Phonics

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What Is Phonics?

Phonics is the study of the relationship between sounds and letters. It is an essential component of reading and writing practice and instruction in the primary grades. Phonics knowledgel eads to word knowledge. Along with plenty of experience reading, students begin to read words fluently with little effort.

Phonics teaching helps students to learn the written correspondences between letters, patterns of letters, and sounds. It should be noted that phonics is one part of a comprehensive literacy program that must also include practice in comprehension, fluency, vocabulary, writing, and thinking.

When Are Students Ready to Learn Phonics?

There are several things to consider before involving children in a formal phonics program. Language development is the first thing and children need an ability to recognise and produce speech sounds, and use language appropriately. Phonics works alonsdide with all these language systems.

Phonological awareness is a particularly important language skill to acquire before phonics instruction begins. Phonological awareness includes the ability to separate spoken language into syllables and individual phonemes, the distinctive sounds for the language the student is learning to read. Phonological awareness is learned through singing, tapping syllables, rhyming, and dividing words into individual sounds.

When children are ready to, and with support from home and school, they develop concepts of print that can be huge, such as learning the purposes of writing and illustrations; understanding what an author is; and identifying text features including the front and back of a book, uppercase and lowercase letters, reading top to bottom, reading left to write, return sweep at the end of a line, and the meaning of punctuation.

After students have heard stories read to them repeatedly, they try to point to the words as they say out loud their favorite memorised parts. Students develop a concept of word in text when they point accurately to the words as they recite the text. Concept of word in text develops in parallel with students’ phonics knowledge of letter–sound correspondences (e.g., learning that the letter b makes the b sound by repeatedly seeing b words in a text)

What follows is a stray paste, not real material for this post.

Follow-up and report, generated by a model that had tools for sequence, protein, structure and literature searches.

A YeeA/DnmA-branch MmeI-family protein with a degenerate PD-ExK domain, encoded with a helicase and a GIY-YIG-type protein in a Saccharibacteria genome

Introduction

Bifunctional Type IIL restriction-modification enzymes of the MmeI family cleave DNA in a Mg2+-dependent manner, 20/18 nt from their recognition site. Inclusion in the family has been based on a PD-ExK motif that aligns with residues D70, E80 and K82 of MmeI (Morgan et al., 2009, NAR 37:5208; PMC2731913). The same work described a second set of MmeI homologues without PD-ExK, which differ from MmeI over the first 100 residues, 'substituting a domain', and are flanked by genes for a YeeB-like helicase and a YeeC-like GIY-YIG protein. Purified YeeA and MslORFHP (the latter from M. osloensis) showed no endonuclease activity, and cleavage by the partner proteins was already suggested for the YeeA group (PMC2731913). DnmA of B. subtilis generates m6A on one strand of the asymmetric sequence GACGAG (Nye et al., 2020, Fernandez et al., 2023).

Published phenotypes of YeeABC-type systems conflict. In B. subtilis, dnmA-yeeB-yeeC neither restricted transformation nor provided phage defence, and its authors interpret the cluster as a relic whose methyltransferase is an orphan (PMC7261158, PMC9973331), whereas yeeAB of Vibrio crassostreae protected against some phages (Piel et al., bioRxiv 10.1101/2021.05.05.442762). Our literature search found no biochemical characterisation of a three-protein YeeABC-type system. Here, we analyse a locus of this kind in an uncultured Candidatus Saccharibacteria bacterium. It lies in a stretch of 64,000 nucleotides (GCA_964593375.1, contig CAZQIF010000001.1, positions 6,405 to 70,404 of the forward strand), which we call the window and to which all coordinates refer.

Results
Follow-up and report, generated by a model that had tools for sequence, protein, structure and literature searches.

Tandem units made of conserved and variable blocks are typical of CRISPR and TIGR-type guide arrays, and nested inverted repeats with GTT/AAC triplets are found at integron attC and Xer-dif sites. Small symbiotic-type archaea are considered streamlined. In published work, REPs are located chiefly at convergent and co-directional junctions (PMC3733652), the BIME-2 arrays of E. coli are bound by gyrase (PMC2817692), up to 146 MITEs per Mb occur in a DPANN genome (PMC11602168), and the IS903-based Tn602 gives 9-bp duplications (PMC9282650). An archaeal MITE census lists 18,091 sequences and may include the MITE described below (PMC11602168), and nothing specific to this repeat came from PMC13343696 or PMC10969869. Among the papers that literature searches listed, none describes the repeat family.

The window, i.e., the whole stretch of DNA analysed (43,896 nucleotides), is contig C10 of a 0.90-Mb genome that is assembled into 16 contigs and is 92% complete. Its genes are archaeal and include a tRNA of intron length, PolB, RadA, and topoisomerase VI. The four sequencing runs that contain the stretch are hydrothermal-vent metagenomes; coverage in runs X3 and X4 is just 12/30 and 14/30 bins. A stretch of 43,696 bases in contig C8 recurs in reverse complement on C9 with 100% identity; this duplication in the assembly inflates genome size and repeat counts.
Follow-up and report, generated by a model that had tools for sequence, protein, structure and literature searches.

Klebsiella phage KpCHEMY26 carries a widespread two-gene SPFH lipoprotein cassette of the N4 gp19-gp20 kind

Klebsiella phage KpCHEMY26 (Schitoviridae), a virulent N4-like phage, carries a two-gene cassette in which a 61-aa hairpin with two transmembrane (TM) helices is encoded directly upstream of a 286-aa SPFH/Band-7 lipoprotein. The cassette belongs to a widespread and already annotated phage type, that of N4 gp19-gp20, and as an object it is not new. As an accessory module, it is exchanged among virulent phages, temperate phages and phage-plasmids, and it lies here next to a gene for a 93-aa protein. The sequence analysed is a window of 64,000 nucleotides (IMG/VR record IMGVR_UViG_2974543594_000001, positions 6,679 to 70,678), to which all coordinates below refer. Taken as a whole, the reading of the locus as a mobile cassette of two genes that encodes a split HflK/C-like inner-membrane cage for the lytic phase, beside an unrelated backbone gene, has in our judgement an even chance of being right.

What is Letters and Sounds?

Letters and SoundsThe academy follows the Letters and Sounds program. This is a phonics resource published by the Department for Education and Skills in 2007. It aims to build children's speaking and listening skills in their own right as well as to prepare children for learning to read by developing their phonic knowledge and skills. It sets out a detailed and systematic programme for teaching phonic skills for children starting by the age of five, with the aim of them becoming fluent readers by age seven.

There are six overlapping phases. The table below is a summary based on the Letters and Sounds

Phase

Phonic Knowledge and Skills

Phase One (Nursery/Reception)

Activities are divided into seven aspects, including environmental sounds, instrumental sounds, body sounds, rhythm and rhyme, alliteration, voice sounds and finally oral blending and segmenting.

Phase Two (Reception) up to 6 weeks

Learning 19 letters of the alphabet and one sound for each. Blending sounds together to make words. Segmenting words into their separate sounds. Beginning to read simple captions.
Phase Three (Reception) up to 12 weeksThe remaining 7 letters of the alphabet, one sound for each. Graphemes such as ch, oo, th representing the remaining phonemes not covered by single letters. Reading captions, sentences and questions. On completion of this phase, children will have learnt the "simple code", i.e. one grapheme for each phoneme in the English language.

Phase Four (Reception) 4 to 6 weeks

No new grapheme-phoneme correspondences are taught in this phase. Children learn to blend and segment longer words with adjacent consonants, e.g. swim, clap, jump.
Phase Five (Throughout Year 1)Now we move on to the "complex code". Children learn more graphemes for the phonemes which they already know, plus different ways of pronouncing the graphemes they already know.
Phase Six (Throughout Year 2 and beyond)Working on spelling, including prefixes and suffixes, doubling and dropping letters etc.